The Environmental Protection Agency (EPA) on Oct. 1 released the final version of new National Ambient Air Quality Standards (NAAQS) for ozone, cutting the current limit of 75 ppb to 70 ppb. The move sets the stage for a battle with Congress, the states, and a range of industries that have warned the new ozone rule will have major impacts on the economy.
EPA Administrator Gina McCarthy said the decision was based on well-founded concerns for public health.
“Put simply—ozone pollution means it hurts to breathe for those most vulnerable: our kids, our elderly and those suffering from heart and lung ailments,” McCarthy said in a statement. “Our job is to set science-backed standards that protect the health of the American people. Today’s action is one of the most important measures we can take for improving public health, reducing the costs of illness and protecting our children’s health.”
The choice of a 70 ppb standard, however, is likely to draw a sigh of relief from many in the power sector, which had feared it could go much lower.
The Clean Air Act (CAA) requires that the EPA set NAAQS for ozone and five other pollutants considered harmful to public health and welfare, and to review those standards every five years. In 2010, the EPA proposed to implement a more stringent ozone standard than those set by the Bush administration in March 2008.
That rule would have changed the cap for primary and secondary ozone standards, emitted during any eight-hour period, from 75 ppb to between 60 ppb and 70 ppb. But in September 2011, just before the rule was to be finalized, President Obama scuttled the so-called “smog rule” to reduce regulatory burdens and uncertainty for industry.
The agency’s new draft rule issued in November 2014 (the day before the Thanksgiving holiday) proposed to revise the standards to a range of 65 to 70 ppb and sought comments on a level as low as 60 ppb. The final ozone rule is significantly less strict, however.
The EPA’s statutory deadline for commencing its periodic review, required under the CAA, passed on March 12, 2013. But in April 2014, finding for a number of environmental groups, a U.S. District Court in California ordered the EPA to issue its proposed decision on revising the ozone NAAQS by Dec. 1, 2014, and to finalize the rule by Oct. 1, 2015.
Enforcement of the NAAQS is the responsibility of states, which are required to adopt EPA-approved state implementation plans to attain and maintain compliance with the standards.
Litigation over the new ozone rule is a near-certainty. Critics of the lower standard have pointed out that around 100 million people live in areas that are in nonattainment for the current 75 ppb standard. At the state level, 27 are in nonattainment (including the District of Columbia). The new standards could put the majority of the U.S. population in nonattainment areas: 358 counties nationwide will currently be in nonattainment under a 70 ppb standard.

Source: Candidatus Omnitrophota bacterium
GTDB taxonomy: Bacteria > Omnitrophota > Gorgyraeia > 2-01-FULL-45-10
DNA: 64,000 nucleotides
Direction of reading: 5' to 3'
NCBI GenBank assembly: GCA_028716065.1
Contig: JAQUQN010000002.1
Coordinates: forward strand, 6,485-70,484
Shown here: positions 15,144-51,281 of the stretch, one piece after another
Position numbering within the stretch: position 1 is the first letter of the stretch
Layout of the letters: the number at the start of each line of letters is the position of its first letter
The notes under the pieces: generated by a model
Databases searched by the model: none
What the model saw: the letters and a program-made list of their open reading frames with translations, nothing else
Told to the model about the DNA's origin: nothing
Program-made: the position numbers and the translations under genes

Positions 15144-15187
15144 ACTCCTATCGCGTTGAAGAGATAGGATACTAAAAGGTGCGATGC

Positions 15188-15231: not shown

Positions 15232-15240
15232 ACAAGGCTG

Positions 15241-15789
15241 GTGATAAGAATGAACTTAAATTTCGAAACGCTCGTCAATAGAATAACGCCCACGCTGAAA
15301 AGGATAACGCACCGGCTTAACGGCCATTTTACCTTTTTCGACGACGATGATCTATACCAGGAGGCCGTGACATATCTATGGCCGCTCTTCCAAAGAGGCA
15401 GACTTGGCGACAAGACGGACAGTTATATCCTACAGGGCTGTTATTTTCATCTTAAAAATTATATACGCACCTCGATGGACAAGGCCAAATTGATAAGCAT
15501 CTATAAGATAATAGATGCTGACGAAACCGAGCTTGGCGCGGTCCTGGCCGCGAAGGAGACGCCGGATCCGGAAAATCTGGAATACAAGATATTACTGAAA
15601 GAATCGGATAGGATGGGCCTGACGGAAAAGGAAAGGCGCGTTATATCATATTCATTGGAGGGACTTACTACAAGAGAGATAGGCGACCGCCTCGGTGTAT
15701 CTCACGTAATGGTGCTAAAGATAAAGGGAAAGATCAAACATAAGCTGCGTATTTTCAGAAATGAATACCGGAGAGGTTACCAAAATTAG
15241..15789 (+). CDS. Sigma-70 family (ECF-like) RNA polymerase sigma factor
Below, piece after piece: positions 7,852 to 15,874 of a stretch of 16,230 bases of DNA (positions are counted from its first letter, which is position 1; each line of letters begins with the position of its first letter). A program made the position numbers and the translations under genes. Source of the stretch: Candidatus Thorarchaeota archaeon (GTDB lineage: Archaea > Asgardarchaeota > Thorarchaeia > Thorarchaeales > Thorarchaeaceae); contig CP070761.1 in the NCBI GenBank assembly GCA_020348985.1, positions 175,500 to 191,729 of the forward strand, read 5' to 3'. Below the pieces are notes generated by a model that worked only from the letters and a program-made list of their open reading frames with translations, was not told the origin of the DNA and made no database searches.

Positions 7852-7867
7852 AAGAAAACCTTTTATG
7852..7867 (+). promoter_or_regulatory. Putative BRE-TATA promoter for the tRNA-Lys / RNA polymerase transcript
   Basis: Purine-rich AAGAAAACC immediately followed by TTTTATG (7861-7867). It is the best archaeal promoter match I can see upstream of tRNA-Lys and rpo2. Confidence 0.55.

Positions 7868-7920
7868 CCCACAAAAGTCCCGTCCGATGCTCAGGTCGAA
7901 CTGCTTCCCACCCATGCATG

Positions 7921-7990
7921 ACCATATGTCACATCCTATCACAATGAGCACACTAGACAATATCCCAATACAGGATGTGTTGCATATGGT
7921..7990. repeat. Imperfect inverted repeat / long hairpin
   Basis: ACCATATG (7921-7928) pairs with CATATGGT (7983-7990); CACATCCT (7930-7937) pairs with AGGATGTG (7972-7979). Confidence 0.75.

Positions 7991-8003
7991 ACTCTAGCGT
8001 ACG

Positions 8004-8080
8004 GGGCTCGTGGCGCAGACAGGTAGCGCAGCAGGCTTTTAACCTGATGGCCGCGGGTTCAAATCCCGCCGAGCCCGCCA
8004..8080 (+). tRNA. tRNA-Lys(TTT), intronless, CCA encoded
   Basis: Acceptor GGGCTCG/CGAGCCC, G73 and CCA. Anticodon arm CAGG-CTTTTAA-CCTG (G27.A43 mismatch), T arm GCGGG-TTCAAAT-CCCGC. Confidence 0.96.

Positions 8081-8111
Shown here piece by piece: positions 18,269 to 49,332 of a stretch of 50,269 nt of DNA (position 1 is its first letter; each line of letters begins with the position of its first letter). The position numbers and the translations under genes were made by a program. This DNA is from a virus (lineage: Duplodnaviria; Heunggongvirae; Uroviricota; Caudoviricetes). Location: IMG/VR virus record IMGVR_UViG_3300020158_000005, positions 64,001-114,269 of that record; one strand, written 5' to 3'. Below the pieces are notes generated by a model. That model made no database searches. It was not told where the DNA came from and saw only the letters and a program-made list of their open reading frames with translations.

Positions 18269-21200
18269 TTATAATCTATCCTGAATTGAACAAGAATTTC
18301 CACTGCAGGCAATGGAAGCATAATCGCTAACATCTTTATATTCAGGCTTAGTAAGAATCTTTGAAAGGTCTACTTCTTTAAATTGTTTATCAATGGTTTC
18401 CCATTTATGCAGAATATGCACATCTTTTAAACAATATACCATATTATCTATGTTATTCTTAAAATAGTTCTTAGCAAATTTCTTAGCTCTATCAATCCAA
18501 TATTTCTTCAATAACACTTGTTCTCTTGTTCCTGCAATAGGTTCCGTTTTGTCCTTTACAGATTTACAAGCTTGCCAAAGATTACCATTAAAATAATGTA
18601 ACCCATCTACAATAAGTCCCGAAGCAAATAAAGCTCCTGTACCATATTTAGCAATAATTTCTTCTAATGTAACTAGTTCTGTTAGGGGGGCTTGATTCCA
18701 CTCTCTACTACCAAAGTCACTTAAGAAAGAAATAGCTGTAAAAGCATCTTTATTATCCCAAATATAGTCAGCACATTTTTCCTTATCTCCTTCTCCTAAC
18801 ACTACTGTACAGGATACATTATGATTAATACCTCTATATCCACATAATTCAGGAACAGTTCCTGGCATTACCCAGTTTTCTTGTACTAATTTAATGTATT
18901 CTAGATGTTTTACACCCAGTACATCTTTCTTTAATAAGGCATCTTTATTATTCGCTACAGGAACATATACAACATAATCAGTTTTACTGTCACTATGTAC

The EPA noted, though, that ozone levels have been falling for decades.
“Nationally, from 1980 to 2014, average ozone levels have fallen 33 percent, while the economy has continued to grow. And by 2025, EPA projects that existing rules and programs will bring the vast majority of the remaining counties into compliance.”
The costs, though, may not be as great as was feared. A study from National Economic Research Associates Economic Consulting commissioned by the National Association of Manufacturers (NAM) warned that a 65 ppb standard would have resulted in $140 billion per year in lost gross domestic product, $1.05 trillion in compliance costs through 2040, 34 GW in accelerated coal plant retirements, and 1.4 million jobs lost across all affected sectors.
In splitting the difference, the EPA appeared to satisfy no one, however.
NAM said the 70 ppb limit will still be a problem.
“Today, the Obama Administration finalized a rule that is overly burdensome, costly and misguided,” NAM CEO Jay Timmons said. “For months, the Administration threatened to impose on manufacturers an even harsher rule, with even more devastating consequences. After an unprecedented level of outreach by manufacturers and other stakeholders, the worst-case scenario was avoided. However, make no mistake: The new ozone standard will inflict pain on companies that build things in America—and destroy job opportunities for American workers.”
The Sierra Club, meanwhile, called it a “missed opportunity.”
“The Obama Administration has fallen short of setting a smog standard that fully protects the health of our families, making this decision a missed opportunity to clean up our air and protect the most vulnerable Americans,” Sierra Club President Michael Brune said in a statement. “Lowering the smog standard from 75 to 70 ppb is a modest step in the right direction, but it doesn’t go far enough to protect the millions of Americans living in communities with dangerously high levels of smog pollution.”
—Thomas W. Overton, JD and Sonal Patel are POWER associate editors.